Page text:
This little girl with few words would be sent on a bus, in a car seat to a school district that I had been told to get out of. I remember the day of her diagnosis and armed with a seasoned mama by my side I attended a support group but it didn't begin as I intended and as my husband will remind me all the time, anything worth doing isn't easy. I sat reeling with reams of paperwork on my table trying to discern the best possible path for my child. The coming year was going to shape me and change me in a way I never knew existed and though I can share my story and my journey, I cannot tell you what you will encounter or what you will feel but I can tell you what I did wrong and how I made it right.
When I was first talking with others who were ahead of me on this journey I was given a ton of advice and honestly, most of it was good but what I have realized is each of our journey's is our own. We each have differently abled children with unique needs and that is in fact why we have an individualized education plan. I was instructed by many to say as little as possible to wait for the school to make their first move, to be ready for a fight. I listened. At first, I held my cards close. I didn't let them see my hand or what I had planned and that first year my child was in school was hell.
I hated the district. I wanted to fight and at times, I did. I found everything and anything they did wrong and held them accountable with curt emails that I had been instructed to send any time they were out of compliance with her IEP and the disdain I had for the first case manager I had was apparent in each and every meeting we attended. As my child went to school it was apparent to her that I didn't trust and though she had limited receptive language she didn't trust, she wasn't happy and we were all overwhelmed. I was outspoken about our struggles, compared what my child received with others and wanted to make sure MY child had the best and then, I cracked. There were things that weren't right. There were things that were terribly wrong. Sadly though it was because I was not following the path that was in my heart. Yes, I needed to ask for a change and mid-year it happened. I was given a new case manager and it gave me a chance to begin again.
As we near school, I am hearing of so many families lawyering up, grabbing advocates and getting ready to go in with a fight. I am here to tell you, I was that mom too. I was so fearful of what I felt my child wouldn't get, I forgot to look at what she did.
Here are a few recommendations I have for going into your first IEP and building a team to give your child the best education and save yourself a lot of anxiety.
First, send that email. There is a good chance that the person assigned to your case is a social worked, psychologist, learning consultant and often a parent. Let them know you want to be a team. Choose to build a bridge and remind them that you are here with information they need to give your child the support they need.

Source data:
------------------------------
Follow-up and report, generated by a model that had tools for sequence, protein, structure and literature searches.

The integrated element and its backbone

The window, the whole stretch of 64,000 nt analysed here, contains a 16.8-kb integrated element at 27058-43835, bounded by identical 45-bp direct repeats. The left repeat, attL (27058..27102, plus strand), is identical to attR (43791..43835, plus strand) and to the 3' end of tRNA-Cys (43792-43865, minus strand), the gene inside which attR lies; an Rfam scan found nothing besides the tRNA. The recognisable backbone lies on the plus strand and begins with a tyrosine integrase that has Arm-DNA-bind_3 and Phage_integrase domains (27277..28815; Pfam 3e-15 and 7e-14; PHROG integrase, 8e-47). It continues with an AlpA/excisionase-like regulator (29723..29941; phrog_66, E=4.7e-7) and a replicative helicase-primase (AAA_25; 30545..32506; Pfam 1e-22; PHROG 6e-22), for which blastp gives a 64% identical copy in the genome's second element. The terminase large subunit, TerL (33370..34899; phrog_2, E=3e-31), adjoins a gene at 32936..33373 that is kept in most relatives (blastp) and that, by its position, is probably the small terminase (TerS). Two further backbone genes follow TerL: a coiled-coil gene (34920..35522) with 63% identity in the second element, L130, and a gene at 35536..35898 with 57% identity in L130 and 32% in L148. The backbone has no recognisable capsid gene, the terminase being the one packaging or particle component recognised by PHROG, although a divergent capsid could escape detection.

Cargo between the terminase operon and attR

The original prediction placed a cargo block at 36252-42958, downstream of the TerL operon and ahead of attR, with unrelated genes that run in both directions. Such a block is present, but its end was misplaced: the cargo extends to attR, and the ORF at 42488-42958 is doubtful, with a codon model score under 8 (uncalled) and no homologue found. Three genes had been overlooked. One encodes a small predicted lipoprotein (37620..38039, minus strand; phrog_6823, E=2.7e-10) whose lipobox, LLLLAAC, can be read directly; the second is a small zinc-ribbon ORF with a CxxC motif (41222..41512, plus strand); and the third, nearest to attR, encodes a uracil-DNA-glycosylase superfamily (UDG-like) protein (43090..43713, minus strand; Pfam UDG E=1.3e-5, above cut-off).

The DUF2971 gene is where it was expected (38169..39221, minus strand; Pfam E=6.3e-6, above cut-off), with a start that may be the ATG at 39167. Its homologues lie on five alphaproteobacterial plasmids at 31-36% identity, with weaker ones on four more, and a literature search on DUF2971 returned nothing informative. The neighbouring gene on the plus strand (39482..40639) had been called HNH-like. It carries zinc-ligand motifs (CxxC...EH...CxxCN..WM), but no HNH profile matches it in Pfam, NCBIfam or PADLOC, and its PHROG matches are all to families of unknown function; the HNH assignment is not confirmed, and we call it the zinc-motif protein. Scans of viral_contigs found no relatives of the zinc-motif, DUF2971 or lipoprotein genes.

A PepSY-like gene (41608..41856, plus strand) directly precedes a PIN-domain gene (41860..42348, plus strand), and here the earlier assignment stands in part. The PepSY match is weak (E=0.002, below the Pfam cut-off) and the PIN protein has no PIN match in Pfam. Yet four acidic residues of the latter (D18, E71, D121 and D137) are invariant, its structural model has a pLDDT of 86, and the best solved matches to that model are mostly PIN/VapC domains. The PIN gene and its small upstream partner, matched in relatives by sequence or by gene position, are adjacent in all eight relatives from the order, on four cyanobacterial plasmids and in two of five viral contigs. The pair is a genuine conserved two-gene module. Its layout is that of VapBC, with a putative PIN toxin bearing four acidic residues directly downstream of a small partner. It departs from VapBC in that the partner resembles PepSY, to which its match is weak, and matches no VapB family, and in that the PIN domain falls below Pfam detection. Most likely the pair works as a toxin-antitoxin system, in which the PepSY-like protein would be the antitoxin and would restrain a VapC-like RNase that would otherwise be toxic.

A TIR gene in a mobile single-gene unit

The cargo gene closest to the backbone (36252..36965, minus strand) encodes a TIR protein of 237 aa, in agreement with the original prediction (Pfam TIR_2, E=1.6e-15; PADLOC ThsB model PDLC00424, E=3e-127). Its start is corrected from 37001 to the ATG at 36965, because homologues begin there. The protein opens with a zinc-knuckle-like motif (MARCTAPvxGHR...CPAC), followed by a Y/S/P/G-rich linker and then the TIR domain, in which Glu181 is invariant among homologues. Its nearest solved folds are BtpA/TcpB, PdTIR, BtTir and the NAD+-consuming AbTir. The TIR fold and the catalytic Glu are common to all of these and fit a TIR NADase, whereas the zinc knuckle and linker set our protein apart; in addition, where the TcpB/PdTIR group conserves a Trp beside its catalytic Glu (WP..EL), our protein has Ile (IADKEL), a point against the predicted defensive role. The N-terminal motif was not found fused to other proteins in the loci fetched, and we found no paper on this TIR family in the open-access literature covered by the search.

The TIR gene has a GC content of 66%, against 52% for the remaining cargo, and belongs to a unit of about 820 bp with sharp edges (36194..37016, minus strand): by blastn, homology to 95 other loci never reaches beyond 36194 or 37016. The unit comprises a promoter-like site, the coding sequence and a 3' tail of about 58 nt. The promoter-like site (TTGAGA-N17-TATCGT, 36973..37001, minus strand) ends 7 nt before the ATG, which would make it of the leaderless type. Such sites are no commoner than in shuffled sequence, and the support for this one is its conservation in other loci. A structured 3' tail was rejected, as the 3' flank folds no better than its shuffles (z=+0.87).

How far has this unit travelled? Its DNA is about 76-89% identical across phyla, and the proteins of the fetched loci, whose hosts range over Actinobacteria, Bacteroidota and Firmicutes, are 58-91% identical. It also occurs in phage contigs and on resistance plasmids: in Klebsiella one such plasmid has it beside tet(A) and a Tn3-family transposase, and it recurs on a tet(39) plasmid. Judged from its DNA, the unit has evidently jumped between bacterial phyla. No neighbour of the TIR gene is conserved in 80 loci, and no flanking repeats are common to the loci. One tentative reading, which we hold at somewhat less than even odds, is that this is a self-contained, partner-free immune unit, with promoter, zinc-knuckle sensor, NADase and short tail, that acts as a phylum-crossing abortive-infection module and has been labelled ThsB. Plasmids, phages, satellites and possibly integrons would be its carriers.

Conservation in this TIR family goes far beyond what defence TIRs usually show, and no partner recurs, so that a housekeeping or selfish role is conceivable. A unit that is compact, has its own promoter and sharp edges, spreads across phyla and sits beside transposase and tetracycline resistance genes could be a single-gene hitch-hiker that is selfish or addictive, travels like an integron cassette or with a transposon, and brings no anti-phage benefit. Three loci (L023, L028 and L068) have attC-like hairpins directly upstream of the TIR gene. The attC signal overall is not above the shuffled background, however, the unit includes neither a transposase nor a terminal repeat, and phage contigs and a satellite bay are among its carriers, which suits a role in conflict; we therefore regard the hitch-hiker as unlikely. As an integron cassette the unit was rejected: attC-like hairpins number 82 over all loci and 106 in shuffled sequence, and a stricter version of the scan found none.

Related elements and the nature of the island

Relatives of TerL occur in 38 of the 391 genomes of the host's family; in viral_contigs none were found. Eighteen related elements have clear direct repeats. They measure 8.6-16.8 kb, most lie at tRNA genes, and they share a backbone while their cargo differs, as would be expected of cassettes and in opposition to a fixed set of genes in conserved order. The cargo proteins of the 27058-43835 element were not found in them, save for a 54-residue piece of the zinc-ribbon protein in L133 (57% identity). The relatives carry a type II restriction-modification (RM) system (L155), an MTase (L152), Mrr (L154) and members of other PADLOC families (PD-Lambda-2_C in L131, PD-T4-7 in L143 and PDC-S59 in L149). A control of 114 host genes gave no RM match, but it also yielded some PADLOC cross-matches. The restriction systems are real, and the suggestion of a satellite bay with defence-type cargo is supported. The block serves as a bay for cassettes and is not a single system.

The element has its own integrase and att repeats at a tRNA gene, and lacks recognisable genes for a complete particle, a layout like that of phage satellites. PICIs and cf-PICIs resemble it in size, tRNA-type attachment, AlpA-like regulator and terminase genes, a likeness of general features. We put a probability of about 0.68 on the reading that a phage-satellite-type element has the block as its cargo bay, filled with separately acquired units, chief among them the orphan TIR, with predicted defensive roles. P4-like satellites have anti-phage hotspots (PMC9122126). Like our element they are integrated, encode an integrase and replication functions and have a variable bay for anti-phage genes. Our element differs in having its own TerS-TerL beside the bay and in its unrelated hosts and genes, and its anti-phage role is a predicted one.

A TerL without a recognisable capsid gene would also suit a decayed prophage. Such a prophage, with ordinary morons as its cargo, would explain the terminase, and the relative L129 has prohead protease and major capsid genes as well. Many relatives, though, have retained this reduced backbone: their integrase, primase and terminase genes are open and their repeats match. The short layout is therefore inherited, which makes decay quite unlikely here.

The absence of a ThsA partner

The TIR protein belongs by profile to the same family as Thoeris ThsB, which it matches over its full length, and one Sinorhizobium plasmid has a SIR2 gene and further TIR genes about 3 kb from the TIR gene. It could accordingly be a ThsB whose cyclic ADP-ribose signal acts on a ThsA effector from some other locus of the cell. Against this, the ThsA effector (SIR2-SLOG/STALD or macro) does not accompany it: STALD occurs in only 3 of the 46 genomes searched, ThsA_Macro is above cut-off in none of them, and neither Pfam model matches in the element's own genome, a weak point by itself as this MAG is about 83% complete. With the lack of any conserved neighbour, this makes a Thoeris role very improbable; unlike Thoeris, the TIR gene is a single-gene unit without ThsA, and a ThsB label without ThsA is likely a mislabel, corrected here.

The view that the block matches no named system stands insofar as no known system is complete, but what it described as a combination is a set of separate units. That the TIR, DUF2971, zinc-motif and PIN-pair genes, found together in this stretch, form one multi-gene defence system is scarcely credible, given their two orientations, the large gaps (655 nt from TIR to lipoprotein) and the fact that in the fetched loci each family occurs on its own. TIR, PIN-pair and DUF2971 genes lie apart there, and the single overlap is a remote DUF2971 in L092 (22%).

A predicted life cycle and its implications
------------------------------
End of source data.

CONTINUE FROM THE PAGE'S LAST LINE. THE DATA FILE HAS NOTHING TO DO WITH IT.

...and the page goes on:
Second, document. Yes, I know its sad to say but do it. When you send an email, request a response or at least a quick message of "received" so that you are aware you are on the same page or at least they know where you stand. Sometimes personnel and staff change and if you have the paperwork to support the program you and your team have developed, it will be easier to continue in a smooth manner.
Third, bring a photo. I have found MOST people in education have children or at least like them...A LOT! I always share my child's photo. I let them know that though they are talking about what they can do for me within budgetary constraints that this is my daughter and we're not talking about extra curricular activities or fun outings, we are building her future. Together.
Fourth, send an email letting them know your expectations. I do this a week or so in advance and also request my IEP sent to me prior to the meeting. I like to have it a few days so if I need to ask for a change, I can. Sometimes I even get calls now from my case manager to follow up. I don't think she sees me as adversarial anymore but instead as her counterpart at home.
Fifth, choose what is reasonable. Yes, shoot for the moon. We all would like 40 hours of ABA but lets be reasonable. You are NOT to the only parent with the only disabled kiddo in the school. Remember that the speech therapist cannot see your child 6 hours a day but perhaps they can see your child more than you first thought to ask.
Sixth, get to know the teacher, paraprofessionals and the staff at the school. I always write a note that has everything new about my child before a new teacher gets her in class. I include ways to help her calm, things she is currently into, small facts that will help them and in turn help my child to assimilate into the class.
Seventh, breathe. This is a working document that can be changed. Yes, you are promised one IEP a year but don't be afraid to ask to meet 8-10 weeks into the year or set up an informal meeting with your case manager. Its even okay to ask the teacher to schedule a few extra "conferences" so you can work together to implement a school/home coalition that will help develop your child to potential.